I flew from Portland to Hollywood yesterday to see my (one and only) granddaughter for the first time. The plane trip took two hours.
Maybe not in rock solid reality, since I'm still able to put up a blog post on an unfamiliar computer, and Evelyn doesn't do much but sleep, cry, poop, pee, eat, and look around in an unfocused fashion.
I struggled mightly with Alaska Airlines to get me an aisle seat for my trip to the Burbank airport. None were available. So I ended up crammed into a window seat next to a large man who couldn't help oozing over into my own none-too-large space.
Which put me even closer to the window. Fortunately, it was clear almost all the way to southern California. From the left side of the plane I had great views of Mount Hood, Lake Tahoe, Yosemite Valley, and other sights.
Including a vapor trail. It was just above my plane. We paralleled its path for many minutes. Another jet must have passed by on the same route not too long ago. The vapor trail was beginning to dissipate, just like me.
And all of us. Even including Evelyn. But almost certainly she'll be passing through life for a lot longer than I will, on her own journey that, unlike the two jets', won't come close to parallelling mine.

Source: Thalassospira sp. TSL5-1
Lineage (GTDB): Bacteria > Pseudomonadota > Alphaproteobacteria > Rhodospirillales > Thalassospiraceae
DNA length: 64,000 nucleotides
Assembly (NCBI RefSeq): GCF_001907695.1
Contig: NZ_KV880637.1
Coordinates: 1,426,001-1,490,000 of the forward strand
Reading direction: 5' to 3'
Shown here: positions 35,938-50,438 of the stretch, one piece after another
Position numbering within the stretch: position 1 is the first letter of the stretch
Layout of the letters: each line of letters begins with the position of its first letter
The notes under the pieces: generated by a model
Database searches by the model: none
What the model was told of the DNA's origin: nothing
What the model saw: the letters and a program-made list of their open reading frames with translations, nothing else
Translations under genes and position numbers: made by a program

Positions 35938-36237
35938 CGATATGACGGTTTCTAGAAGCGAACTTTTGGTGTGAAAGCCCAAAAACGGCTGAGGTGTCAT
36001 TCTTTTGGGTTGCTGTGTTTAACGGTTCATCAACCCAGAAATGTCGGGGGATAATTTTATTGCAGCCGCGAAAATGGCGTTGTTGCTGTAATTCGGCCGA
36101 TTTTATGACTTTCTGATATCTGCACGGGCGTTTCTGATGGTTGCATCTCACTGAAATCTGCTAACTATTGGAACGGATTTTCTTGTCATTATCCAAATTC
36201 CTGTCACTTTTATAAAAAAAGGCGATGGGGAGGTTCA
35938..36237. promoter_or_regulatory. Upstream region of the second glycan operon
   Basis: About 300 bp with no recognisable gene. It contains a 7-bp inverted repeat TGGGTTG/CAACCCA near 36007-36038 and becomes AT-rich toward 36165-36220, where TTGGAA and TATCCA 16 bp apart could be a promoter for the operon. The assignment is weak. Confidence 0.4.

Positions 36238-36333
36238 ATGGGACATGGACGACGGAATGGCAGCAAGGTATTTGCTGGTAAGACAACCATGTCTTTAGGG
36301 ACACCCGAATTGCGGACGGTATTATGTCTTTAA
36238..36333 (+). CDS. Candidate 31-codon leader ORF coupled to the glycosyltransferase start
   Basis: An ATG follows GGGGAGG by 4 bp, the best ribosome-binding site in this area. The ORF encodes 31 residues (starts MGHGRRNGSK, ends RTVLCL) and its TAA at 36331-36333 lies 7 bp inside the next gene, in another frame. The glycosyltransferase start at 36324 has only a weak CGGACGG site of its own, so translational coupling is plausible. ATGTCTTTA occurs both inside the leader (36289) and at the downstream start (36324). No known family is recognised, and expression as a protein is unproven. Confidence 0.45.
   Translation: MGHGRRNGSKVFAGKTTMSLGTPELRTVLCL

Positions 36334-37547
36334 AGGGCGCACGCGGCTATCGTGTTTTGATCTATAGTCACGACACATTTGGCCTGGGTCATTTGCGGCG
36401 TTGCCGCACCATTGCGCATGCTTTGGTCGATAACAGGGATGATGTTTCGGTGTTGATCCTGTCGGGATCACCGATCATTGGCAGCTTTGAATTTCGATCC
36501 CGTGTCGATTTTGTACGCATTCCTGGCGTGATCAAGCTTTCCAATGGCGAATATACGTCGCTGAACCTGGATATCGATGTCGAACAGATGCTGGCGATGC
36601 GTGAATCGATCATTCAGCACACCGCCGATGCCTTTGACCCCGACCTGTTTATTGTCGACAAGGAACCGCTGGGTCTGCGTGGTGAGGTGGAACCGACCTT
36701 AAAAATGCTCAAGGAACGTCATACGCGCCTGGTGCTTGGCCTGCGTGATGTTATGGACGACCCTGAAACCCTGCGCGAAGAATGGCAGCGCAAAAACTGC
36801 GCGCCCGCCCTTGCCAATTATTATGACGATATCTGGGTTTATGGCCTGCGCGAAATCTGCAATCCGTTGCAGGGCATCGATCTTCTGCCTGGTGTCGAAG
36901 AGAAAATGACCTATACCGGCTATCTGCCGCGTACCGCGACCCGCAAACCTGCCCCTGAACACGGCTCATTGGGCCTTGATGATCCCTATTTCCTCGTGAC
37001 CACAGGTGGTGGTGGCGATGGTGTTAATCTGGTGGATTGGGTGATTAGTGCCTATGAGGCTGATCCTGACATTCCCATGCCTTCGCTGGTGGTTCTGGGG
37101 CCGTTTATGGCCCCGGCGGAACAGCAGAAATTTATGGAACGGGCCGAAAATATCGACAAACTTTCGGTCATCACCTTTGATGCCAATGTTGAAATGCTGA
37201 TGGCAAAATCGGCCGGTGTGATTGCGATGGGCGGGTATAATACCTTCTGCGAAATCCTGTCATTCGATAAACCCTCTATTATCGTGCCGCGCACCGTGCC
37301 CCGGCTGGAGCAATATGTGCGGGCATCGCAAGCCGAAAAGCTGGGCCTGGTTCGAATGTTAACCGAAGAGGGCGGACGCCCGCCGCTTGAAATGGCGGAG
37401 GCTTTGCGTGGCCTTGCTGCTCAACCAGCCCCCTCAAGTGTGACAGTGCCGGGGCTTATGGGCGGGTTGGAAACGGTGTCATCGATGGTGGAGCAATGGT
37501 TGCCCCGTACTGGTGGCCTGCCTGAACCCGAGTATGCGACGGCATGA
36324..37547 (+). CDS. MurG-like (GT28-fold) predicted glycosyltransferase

That's the circle of life. When my daughter was born, I felt more a part of it. Now that I've held Evelyn, even more so. I'll die one day, as will each of us. Yet we all will leave behind traces--"vapor trails" that interect the paths of other life-travelers.
My daughter, Celeste, and her husband, Patrick look wonderfully familial now. We actually sat down last night to a dinner prepared by these two previously "let's eat out" types. Of course, a one month old baby puts a crimp in your Hollywood dining options.
I taught Evelyn how to Tango and Tai Chi today. She's pretty good. Knows how to follow beautifully, like a babe in my arms. When she learns how to walk, we'll be able to progress even further.
Just a few hours until Mother's Day. My daughter is looking the part. Amazing! She makes salads, she changes diapers, she pushes a stroller, she dances with Evelyn to the same "Grease" record that I listened to a jillion times in the '70s when Celeste was young.
In short, she's a mother. And a vapor trail. That another oh-so-cute little plane is following.